October 23, 2018

Disciplining Employees for Unapproved Posts

Disciplining Employees for Unapproved Posts

It has become commonplace for companies and employees to use social media to build their businesses and interact with customers.  In fact, more than 500 million people are now using Facebook® and over 175 million are using Twitter(R).  Even if businesses do not have an official social media page, their employees or at least some of them probably maintain their own personal pages.  This may create legal and business risks for companies, especially for those which do not fully understand the use of social media.  Indeed, if such use is not given careful consideration, it can damage and destroy goodwill with partners, investors, and consumers almost overnight.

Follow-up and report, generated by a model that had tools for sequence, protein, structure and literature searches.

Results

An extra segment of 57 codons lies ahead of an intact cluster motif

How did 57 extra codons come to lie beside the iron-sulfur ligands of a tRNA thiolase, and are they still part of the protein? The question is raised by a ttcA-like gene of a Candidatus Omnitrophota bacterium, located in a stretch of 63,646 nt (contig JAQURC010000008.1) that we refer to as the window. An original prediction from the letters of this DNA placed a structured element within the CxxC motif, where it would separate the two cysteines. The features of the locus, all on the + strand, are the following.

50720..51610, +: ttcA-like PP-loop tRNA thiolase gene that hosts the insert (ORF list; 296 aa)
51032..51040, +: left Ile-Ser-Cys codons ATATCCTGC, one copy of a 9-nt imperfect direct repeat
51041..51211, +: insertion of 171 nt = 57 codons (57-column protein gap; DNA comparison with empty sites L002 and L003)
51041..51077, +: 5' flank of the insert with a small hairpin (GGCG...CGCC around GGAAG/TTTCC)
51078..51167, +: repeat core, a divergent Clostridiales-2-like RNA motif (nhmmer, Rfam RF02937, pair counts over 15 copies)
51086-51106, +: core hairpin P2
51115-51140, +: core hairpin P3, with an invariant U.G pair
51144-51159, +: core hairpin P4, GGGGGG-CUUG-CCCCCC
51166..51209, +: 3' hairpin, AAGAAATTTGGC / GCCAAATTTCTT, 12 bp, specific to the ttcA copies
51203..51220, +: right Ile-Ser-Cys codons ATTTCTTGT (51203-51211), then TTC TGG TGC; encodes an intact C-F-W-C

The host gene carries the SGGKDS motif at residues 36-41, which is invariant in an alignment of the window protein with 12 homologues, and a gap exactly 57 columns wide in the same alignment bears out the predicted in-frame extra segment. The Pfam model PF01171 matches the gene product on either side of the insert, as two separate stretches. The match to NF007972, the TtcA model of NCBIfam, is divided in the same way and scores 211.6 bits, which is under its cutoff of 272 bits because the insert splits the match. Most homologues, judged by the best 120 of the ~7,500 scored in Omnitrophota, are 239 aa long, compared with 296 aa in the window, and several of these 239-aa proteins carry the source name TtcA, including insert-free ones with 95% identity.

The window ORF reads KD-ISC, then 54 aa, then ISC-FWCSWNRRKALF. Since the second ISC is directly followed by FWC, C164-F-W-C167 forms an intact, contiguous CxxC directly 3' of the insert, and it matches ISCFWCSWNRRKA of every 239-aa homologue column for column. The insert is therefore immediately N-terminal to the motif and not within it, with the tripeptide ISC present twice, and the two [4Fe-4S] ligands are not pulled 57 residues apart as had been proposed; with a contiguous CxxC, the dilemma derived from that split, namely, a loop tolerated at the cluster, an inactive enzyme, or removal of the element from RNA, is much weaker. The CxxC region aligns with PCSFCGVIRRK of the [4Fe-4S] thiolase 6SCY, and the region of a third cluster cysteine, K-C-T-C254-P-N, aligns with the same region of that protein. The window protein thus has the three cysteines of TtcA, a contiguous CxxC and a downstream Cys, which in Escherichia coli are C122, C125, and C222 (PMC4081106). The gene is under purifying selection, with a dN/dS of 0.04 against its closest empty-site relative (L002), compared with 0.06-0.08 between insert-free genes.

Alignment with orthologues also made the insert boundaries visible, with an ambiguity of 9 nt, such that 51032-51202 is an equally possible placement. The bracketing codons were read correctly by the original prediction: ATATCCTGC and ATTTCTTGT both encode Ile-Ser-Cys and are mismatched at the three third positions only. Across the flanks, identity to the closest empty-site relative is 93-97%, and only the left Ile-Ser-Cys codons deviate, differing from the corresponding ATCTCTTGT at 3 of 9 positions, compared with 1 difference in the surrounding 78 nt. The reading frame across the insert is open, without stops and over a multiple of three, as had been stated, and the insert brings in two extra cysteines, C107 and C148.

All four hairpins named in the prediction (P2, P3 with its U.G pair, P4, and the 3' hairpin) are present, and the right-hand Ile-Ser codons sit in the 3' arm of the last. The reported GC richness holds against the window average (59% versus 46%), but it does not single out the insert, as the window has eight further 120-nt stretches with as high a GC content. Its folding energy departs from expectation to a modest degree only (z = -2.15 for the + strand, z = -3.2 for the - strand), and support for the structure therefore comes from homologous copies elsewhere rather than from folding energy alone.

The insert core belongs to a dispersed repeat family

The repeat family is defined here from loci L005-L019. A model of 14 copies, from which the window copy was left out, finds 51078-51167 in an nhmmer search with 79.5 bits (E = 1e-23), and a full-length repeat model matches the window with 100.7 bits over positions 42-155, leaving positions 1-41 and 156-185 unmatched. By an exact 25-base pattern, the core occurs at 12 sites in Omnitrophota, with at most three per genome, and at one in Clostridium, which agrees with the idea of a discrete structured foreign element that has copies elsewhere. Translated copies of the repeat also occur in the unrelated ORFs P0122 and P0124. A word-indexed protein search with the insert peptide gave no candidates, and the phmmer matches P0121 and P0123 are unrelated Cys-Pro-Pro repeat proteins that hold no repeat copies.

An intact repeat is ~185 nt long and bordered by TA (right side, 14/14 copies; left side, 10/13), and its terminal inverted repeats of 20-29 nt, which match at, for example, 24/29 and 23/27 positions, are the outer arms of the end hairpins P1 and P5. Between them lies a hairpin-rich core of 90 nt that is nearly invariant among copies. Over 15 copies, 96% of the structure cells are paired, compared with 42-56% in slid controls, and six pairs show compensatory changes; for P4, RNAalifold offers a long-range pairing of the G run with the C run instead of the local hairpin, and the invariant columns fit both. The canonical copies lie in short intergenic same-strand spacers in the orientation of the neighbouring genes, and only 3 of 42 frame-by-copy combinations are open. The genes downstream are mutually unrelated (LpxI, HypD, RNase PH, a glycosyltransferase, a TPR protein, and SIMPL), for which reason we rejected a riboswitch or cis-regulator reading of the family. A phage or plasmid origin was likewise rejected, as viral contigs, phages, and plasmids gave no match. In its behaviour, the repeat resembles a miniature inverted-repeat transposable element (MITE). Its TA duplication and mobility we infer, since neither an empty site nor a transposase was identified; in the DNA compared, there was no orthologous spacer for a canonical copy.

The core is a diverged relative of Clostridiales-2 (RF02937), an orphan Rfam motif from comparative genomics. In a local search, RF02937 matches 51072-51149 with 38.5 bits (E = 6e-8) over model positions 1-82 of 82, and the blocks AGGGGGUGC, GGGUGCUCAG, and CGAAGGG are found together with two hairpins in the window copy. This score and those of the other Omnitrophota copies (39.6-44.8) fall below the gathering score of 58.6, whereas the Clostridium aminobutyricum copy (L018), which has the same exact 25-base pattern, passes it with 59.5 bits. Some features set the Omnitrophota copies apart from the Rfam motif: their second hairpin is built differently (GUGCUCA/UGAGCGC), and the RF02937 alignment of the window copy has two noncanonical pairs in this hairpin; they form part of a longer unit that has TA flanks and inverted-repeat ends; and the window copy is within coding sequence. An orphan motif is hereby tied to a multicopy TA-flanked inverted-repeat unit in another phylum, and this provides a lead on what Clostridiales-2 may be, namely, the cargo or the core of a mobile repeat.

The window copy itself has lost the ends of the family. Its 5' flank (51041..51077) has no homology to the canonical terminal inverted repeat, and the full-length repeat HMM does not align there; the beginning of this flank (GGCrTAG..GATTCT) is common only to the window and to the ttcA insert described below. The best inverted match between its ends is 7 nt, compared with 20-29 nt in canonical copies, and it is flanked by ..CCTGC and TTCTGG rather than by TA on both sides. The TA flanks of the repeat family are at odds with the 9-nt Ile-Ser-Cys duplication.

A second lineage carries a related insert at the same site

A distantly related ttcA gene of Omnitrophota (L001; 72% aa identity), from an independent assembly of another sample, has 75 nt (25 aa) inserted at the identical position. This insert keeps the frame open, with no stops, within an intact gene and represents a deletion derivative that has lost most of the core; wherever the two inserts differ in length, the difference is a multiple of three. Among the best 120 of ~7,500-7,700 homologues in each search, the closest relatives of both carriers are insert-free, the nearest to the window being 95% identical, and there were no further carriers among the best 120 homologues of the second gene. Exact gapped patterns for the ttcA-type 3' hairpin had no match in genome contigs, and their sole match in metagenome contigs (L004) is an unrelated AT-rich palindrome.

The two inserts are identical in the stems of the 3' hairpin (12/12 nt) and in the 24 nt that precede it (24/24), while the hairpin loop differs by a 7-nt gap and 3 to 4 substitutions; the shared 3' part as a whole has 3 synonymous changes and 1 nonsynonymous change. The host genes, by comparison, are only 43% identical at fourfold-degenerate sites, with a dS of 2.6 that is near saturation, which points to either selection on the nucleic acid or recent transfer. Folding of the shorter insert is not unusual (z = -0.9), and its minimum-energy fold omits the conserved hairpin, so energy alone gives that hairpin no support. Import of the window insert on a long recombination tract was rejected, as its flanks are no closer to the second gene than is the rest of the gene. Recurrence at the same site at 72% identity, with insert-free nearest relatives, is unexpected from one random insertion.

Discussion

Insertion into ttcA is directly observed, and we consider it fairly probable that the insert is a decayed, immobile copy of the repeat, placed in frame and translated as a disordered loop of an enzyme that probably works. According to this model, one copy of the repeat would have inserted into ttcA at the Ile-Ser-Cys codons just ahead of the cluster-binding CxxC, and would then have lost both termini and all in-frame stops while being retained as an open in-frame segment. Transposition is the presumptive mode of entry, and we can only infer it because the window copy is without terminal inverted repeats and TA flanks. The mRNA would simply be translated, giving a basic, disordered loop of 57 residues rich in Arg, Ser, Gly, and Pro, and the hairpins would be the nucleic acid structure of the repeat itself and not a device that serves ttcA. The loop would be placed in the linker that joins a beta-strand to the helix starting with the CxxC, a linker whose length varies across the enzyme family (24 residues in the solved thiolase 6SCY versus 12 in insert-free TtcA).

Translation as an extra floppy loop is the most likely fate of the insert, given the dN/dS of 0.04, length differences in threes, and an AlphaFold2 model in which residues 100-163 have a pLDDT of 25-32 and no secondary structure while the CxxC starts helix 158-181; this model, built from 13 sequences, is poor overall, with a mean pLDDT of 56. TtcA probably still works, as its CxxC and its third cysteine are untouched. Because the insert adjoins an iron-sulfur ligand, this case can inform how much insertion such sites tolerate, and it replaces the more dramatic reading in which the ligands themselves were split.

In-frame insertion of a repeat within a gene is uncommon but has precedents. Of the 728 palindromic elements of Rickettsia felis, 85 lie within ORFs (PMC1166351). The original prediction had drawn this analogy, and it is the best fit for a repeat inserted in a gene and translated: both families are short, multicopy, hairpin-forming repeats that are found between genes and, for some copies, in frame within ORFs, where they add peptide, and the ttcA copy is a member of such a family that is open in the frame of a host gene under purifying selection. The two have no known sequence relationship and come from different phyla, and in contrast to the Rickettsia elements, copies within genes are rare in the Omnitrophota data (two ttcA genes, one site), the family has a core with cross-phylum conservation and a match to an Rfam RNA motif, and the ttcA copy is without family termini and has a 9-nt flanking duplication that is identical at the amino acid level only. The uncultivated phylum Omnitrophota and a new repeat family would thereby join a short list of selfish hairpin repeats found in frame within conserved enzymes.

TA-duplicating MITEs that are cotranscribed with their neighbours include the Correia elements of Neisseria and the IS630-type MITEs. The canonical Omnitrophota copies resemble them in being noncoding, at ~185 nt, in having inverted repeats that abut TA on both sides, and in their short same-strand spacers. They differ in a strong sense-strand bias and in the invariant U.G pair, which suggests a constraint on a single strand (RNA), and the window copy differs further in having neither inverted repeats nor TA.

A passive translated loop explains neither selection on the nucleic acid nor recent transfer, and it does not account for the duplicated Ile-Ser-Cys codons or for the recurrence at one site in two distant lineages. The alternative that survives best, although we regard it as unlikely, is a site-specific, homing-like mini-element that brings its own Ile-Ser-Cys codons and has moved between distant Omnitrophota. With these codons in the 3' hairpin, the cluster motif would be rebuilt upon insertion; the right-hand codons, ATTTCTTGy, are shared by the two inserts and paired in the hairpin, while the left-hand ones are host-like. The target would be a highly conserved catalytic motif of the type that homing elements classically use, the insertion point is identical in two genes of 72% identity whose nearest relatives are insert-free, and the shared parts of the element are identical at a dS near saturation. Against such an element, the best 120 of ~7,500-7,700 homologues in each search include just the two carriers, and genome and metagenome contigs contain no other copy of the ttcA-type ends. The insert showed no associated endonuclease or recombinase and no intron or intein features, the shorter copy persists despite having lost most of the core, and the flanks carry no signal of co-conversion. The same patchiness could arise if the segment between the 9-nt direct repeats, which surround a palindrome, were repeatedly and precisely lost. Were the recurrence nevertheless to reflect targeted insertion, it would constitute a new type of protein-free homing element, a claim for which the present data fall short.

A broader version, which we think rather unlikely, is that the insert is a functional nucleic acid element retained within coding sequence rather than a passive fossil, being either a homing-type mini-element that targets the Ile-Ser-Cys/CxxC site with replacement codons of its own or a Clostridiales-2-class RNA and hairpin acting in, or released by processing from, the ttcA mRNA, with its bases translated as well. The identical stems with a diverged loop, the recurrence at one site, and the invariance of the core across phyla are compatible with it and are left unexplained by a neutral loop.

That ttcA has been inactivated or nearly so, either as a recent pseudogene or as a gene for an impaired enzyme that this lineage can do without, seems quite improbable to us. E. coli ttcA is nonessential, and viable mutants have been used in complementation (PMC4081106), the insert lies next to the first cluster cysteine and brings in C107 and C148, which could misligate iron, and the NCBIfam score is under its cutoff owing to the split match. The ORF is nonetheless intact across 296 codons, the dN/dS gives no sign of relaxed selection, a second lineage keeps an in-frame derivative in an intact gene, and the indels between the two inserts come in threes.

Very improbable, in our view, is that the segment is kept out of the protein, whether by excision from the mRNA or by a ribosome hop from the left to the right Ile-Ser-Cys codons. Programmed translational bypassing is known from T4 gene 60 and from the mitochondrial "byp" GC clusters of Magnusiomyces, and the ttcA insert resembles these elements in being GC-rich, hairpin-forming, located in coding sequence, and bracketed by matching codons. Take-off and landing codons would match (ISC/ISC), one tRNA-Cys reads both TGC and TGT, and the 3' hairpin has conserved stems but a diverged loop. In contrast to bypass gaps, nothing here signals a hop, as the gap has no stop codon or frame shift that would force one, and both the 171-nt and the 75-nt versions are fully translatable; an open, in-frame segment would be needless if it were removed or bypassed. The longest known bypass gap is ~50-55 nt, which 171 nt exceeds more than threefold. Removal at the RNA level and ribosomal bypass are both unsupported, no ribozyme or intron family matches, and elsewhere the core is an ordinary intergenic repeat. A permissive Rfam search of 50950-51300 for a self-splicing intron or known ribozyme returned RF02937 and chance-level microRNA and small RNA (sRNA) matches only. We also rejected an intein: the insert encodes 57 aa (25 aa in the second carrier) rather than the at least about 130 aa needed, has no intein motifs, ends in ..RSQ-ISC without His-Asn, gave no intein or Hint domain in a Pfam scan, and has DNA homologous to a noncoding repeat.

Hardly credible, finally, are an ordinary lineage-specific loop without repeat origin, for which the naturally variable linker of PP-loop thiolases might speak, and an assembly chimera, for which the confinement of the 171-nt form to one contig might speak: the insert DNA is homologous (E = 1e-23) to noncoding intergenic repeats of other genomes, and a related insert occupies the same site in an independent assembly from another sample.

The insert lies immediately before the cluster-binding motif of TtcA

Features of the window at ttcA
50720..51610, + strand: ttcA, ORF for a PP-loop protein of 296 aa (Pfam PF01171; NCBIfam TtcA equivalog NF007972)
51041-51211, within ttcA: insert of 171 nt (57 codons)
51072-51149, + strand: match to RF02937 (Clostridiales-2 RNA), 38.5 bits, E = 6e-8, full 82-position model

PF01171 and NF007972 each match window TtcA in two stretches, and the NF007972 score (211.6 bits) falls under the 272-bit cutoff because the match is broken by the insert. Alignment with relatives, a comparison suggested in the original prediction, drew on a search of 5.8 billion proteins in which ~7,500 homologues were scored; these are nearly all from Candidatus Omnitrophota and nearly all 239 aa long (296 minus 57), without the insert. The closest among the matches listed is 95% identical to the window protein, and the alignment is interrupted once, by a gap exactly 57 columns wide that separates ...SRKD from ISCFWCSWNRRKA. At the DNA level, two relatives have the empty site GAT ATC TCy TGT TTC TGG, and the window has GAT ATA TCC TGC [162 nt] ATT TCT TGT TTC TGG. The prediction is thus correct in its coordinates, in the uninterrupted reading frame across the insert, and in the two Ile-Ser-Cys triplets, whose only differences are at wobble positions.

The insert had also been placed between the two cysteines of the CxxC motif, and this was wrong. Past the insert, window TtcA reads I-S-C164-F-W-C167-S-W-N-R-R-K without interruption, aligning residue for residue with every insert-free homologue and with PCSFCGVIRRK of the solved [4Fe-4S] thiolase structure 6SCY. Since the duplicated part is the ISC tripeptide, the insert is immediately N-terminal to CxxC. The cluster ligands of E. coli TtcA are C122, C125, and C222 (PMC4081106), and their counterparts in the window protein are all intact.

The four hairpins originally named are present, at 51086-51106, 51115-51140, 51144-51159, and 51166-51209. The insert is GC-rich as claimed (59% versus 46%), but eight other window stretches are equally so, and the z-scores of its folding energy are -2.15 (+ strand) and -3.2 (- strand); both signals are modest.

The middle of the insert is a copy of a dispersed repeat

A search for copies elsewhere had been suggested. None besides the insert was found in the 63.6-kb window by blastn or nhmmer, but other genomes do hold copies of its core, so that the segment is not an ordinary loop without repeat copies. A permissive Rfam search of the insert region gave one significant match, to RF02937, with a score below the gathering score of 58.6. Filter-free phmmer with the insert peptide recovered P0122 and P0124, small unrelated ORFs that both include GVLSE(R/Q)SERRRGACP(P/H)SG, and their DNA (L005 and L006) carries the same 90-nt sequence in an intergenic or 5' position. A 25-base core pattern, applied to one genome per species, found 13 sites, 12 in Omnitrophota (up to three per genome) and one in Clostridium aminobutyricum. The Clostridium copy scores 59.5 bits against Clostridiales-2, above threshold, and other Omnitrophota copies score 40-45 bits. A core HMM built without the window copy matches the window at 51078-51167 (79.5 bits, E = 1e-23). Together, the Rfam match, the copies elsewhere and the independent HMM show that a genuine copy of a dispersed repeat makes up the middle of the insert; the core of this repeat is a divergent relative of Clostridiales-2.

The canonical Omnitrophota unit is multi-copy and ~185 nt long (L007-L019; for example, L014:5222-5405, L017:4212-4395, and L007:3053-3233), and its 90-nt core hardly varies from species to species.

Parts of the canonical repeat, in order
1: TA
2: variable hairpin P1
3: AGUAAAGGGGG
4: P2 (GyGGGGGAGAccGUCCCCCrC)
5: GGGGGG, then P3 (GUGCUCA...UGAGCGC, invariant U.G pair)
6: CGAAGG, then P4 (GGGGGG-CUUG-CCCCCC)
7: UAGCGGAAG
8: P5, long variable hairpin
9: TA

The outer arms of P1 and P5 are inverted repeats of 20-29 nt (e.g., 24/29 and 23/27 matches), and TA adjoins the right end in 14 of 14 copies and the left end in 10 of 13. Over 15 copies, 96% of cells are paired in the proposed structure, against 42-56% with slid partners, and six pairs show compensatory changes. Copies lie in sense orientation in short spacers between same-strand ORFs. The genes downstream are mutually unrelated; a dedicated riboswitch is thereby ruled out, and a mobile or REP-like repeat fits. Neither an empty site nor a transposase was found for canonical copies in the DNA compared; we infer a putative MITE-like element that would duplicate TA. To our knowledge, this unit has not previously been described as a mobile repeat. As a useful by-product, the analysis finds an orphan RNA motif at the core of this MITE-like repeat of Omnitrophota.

Social networking’s expansive reach, and its impact on personal and professional communication, has put the traditional notions of privacy and free speech to the test.  Employees routinely post both personal and work-related content for their own purposes and without company consent, which can not only have negative implications for the employee, but the business as well.  For example, if an employee of a cell phone provider posts pictures of the newest 4G phone before it has been released to the public, there is a real risk that such a post can cause fiscal and legal damage to the company.  It has been widely assumed that such posting could be grounds for termination, but a recent case suggests that the answer may not be so black and white.